While I enjoy going to the gym, I wanted to find other ways to be active that were fun and allowed me to learn a new skill and find a hobby I could enjoy with my friends, and make new ones!  About a week ago, I tried snowboarding for the first time.  I fell in love with it.  If  it was up to me, I’d be on the hill every weekend!  I love the thrill and for someone who has such a difficult time getting out in the winter, I am ecstatic that I found something to do that won’t keep me cooped up at home.  Even if I can’t get to the hill and I’m feeling down, going to the gym for a good workout always seems to get me into a better frame of mind.

I guess what I’m getting at is that healthier eating and regular exercise have helped improve my self confidence, physical health and brain functioning in the small amount of time its been, which is my motivation to continue!  As sticking to something is difficult for an ADHDer, I’ve been keeping track of my healthy habits, which I’ll talk about more in-depth in a future post.  Nothing good comes easy, and there are days where I feel like I’m sinking again.  If you’re reading this, you know exactly about what I’m talking. Just know that if you’re persistent and patient, you can make a habit out of everything and you will overcome what you’re dealing with. I promise, we’re all in this together!  That’s all for this month.

Don’t be afraid to give the gym, or that sport you’ve always been interested in a go.  Remember, starting is the hardest part.  It only gets easier and more enjoyable from here!  🙂

“Motivation is what gets you started. Habit is what keeps you going.”  -Jim Rohn

Worth Living Ambassador Marcus Brown

My name is Marcus Brown, I live  in London, and I’m currently a 12x marathon runner.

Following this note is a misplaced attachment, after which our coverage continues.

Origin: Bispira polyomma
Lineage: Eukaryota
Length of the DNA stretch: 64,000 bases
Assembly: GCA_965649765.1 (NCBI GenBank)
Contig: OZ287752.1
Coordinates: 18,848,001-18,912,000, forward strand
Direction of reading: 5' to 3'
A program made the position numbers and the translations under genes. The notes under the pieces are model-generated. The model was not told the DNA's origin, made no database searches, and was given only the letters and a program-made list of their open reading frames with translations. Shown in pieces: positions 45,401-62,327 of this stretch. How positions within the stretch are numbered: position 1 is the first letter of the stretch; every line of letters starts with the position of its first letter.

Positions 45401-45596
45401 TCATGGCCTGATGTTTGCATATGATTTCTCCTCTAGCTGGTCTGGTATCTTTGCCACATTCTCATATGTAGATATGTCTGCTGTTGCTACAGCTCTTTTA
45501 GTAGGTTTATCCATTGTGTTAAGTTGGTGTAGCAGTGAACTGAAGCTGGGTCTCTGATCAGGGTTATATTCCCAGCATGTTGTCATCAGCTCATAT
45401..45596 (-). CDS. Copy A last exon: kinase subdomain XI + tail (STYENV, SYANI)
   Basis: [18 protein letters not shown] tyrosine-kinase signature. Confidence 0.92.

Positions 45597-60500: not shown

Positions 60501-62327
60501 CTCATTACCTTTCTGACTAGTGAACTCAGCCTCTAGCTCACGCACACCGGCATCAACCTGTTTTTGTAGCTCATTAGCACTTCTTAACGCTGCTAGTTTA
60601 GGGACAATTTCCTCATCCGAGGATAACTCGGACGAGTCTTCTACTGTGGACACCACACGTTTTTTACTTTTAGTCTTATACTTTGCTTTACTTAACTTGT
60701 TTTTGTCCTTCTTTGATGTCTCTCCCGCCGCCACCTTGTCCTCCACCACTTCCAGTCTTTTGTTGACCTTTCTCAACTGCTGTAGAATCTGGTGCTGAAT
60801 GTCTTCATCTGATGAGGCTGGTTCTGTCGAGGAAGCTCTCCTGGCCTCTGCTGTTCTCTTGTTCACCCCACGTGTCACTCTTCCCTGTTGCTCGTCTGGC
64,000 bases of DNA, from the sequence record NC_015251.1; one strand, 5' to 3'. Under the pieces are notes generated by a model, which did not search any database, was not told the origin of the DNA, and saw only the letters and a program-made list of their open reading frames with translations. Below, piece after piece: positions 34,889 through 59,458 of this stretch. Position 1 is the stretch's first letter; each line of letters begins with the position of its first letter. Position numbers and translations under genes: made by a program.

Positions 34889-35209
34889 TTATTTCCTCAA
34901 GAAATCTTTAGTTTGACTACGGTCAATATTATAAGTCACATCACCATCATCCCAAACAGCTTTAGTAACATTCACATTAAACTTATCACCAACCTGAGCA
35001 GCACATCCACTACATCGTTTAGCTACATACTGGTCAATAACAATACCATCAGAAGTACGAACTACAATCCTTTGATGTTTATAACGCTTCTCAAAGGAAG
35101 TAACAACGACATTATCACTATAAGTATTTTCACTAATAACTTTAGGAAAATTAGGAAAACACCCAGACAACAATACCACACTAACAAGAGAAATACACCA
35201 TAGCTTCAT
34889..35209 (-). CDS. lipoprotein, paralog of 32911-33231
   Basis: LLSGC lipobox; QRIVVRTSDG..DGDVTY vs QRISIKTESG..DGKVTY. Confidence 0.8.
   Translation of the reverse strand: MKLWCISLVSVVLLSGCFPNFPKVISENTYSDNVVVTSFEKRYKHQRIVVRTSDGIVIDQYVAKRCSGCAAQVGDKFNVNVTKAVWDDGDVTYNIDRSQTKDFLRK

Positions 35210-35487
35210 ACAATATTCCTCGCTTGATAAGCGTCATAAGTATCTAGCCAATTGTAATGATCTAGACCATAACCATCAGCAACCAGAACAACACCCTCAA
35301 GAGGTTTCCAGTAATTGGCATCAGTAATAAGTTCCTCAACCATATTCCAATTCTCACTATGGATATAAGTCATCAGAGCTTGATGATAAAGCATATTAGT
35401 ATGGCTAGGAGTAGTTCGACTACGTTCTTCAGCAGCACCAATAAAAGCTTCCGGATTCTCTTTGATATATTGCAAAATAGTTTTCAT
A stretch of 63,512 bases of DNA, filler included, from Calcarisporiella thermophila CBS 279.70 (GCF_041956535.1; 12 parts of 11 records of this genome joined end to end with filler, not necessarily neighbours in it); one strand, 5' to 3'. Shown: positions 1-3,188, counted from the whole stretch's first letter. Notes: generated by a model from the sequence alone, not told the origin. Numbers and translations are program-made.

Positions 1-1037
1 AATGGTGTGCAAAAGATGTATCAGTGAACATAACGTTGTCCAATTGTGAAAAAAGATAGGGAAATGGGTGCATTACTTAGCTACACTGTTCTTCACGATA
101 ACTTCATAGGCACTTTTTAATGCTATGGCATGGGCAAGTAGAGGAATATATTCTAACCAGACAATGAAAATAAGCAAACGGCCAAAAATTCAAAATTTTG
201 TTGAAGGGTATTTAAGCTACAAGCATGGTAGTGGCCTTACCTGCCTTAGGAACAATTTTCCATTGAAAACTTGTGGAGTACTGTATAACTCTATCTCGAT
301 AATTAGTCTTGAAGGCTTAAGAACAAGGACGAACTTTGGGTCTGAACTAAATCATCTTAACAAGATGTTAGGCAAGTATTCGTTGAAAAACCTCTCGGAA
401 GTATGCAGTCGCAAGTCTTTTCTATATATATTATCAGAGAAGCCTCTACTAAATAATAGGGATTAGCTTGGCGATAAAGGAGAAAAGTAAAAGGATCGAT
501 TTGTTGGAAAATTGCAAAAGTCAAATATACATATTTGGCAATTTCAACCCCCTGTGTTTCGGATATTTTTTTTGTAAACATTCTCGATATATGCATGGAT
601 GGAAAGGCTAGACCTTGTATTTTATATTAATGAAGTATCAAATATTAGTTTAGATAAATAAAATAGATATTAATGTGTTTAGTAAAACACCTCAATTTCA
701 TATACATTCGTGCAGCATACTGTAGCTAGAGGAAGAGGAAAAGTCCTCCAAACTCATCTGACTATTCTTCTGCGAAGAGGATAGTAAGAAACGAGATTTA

I was never really into long distance running at school, however following a bet from a friend I signed up for a 10K in 2006. I don’t like backing down from a challenge even though I was unfit from university. The training was very hard and many times I had serious reservations about whether I would complete it. But the sense of satisfaction I had from completing the 10k gave me so much confidence, and I promptly signed up for another 10k.

Over the next few years, I built up my confidence from running 10k and half marathon distances to signing up for my first full marathon which was in Abingdon in 2008. After the long training period, then to complete the marathon, it gave me so much confidence of what I was capable. Although my time wasn’t fast, I learnt not to place limitations on what I believed I was, whether you’re slow or fast, you’re a runner in my eyes.

I like to be challenged which is why I enjoy running. It’s a great reminder to not always stay in your comfort zone.

In 2016, I completed my goal which was to run four marathons in one year, to highlight and raise awareness that 1 in 4 people in the UK will experience a mental health challenge each year and encourage others of the importance exercise has in working towards the balance between a healthy mind and healthy body.

My long term goal is an extension of the 2016 goal, to complete the six world marathon majors. I’ve completed the London, Berlin and New York marathons (3 out of 6). And my other goal is to work towards a three hour marathon.
In the morning, it’s easy to take care of things we can physically see.

But in terms of mental health it’s so important to take care of the mind also. If we look at our basic emotions of fear or love, these can subconsciously dictate our conscious moods for the day. Hence why it’s important to get the mind focused to best serve you for that day.

Try this for 10 minutes

1.If you are facing a challenge, ask what one thing you can do to make a positive difference today.

2.Think of approximately three things  for which you are grateful.

3.Think of approximately three goals/values your committed to achieving.

Some people pray, some people mediate. These are different ways of getting your mind focused in a way that will better serve you. What’s suggested above can be modified to suit based on what works for you.